We formed an Evidence-Based Medicine (EBM) Vertical Integration Group (VIG) to develop a longitudinal, developmental, integrated EBM curriculum that teaches the skills and concepts of information management and information mastery, can be applied with faculty at all levels of knowledge and skills, and can be easily transferred to other institutions and health professions. The basis for this curriculum is the Finding Information Framework (FIF), a conceptual algorithm as well as a web-based tool and app that structures how medical students ask and categorize their questions and links them directly to the most appropriate information resource to answer their questions (Figure 1).5,6
The FIF is a student-centered tool grounded in the concepts of adult learning, and begins with the student generating a question. It takes learners through an algorithm to define their question first by determining whether it is a background question (a question that asks for general knowledge about a process, condition, test, treatment, or thing); or a foreground question (a question that asks for specific knowledge to guide clinical decisions).8 Background is split into basic science or clinical. Clinical background is further split into common and rare/academic interest. Foreground questions are by definition always clinical, and are divided into point of care, rare/academic interest, and resources/services.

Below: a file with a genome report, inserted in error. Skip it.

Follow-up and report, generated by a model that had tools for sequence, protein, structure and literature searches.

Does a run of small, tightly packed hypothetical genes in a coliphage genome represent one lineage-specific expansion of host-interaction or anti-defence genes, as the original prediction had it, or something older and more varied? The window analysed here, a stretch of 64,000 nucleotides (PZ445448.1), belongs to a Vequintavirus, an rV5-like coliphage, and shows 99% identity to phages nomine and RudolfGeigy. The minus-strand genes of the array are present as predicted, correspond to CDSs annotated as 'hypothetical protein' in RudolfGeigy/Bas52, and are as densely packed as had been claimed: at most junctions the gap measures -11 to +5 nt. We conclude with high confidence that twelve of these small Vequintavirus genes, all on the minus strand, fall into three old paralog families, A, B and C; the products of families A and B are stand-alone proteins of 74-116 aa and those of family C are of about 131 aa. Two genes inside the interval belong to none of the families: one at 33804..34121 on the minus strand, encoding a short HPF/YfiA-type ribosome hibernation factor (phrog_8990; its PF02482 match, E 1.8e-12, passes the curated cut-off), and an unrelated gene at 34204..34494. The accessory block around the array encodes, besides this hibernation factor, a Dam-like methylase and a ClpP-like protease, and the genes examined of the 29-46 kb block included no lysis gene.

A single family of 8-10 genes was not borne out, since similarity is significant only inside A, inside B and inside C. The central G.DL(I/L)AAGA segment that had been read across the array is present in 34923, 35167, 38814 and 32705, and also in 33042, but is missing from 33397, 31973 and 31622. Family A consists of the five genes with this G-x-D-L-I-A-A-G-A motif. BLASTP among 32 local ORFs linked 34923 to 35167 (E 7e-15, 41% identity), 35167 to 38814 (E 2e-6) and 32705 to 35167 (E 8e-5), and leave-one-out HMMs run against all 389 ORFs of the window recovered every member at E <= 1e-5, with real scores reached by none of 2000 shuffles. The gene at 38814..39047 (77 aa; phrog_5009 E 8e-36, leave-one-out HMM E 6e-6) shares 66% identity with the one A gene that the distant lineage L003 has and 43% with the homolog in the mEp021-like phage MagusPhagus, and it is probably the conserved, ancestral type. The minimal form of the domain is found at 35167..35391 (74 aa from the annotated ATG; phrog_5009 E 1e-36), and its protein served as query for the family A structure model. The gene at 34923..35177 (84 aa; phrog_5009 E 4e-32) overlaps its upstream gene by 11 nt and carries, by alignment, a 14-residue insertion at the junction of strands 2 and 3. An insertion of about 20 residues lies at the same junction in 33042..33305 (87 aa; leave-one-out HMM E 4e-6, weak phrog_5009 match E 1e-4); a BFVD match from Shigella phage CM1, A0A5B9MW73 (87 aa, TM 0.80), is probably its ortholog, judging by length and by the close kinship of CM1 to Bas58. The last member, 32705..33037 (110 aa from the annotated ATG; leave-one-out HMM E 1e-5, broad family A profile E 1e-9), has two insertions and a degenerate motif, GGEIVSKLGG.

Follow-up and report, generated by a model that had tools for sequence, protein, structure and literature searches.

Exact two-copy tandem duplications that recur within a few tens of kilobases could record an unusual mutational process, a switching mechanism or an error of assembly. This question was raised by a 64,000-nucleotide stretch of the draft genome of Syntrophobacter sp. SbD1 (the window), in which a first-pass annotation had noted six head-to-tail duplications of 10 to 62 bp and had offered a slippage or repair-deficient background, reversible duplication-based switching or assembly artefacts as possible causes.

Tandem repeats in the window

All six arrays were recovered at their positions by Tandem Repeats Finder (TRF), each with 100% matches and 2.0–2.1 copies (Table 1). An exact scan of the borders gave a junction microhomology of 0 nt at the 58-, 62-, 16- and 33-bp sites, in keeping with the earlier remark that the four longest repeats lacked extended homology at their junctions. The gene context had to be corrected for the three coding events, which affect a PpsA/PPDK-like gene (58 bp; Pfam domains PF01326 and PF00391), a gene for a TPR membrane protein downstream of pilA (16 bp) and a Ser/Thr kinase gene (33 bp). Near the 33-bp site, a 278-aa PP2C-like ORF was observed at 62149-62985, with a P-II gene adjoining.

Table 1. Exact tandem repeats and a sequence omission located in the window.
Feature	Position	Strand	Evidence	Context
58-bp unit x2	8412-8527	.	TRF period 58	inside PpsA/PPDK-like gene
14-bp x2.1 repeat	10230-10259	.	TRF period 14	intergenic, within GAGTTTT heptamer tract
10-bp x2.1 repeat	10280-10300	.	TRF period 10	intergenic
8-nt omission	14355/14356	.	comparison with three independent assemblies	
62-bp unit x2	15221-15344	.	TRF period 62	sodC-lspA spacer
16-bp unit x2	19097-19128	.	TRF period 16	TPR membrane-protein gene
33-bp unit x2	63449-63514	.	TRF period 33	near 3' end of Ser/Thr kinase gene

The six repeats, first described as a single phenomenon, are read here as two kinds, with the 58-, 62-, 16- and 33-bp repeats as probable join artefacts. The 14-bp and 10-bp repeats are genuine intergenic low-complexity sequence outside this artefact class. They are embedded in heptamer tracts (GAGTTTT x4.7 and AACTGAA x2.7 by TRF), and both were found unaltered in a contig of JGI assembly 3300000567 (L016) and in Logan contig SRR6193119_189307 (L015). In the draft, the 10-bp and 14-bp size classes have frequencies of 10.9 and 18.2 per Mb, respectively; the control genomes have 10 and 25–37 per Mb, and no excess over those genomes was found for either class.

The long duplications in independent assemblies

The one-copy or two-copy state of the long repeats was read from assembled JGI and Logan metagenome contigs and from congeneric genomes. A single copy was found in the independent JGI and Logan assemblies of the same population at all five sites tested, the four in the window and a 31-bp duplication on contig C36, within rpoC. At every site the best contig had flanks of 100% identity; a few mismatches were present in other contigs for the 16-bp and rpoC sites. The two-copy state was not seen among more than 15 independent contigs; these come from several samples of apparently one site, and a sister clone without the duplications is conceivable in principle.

Once the student categorizes their question, the student is guided to the appropriate information resource group to answer the question. The framework is available for download through the medical school library website and the Apple IOS App Store, so students can use it with direct one-click links into the actual resources. These suggested resources were determined by the EBM VIG committee composed of medical librarians and faculty with expertise in EBM and information mastery, and customized to reflect the library’s holdings and available web-based resources.
This framework and its concepts were introduced to students during their first year in their problem-based learning course, Integrated Problems (IP), and reinforced in their Essentials of Public Health Course and on several core clerkships. This study assesses the usability and functionality of the FIF following its initial implementation in the first-year curriculum, in the context of its use in the IP course.
First-year medical students and faculty were oriented to the FIF during a 1-hour lecture in the beginning of the year. They were encouraged to use the FIF when researching questions during their PBL course. This study was approved as exempt by our University’s Institutional Review Board #H-37627.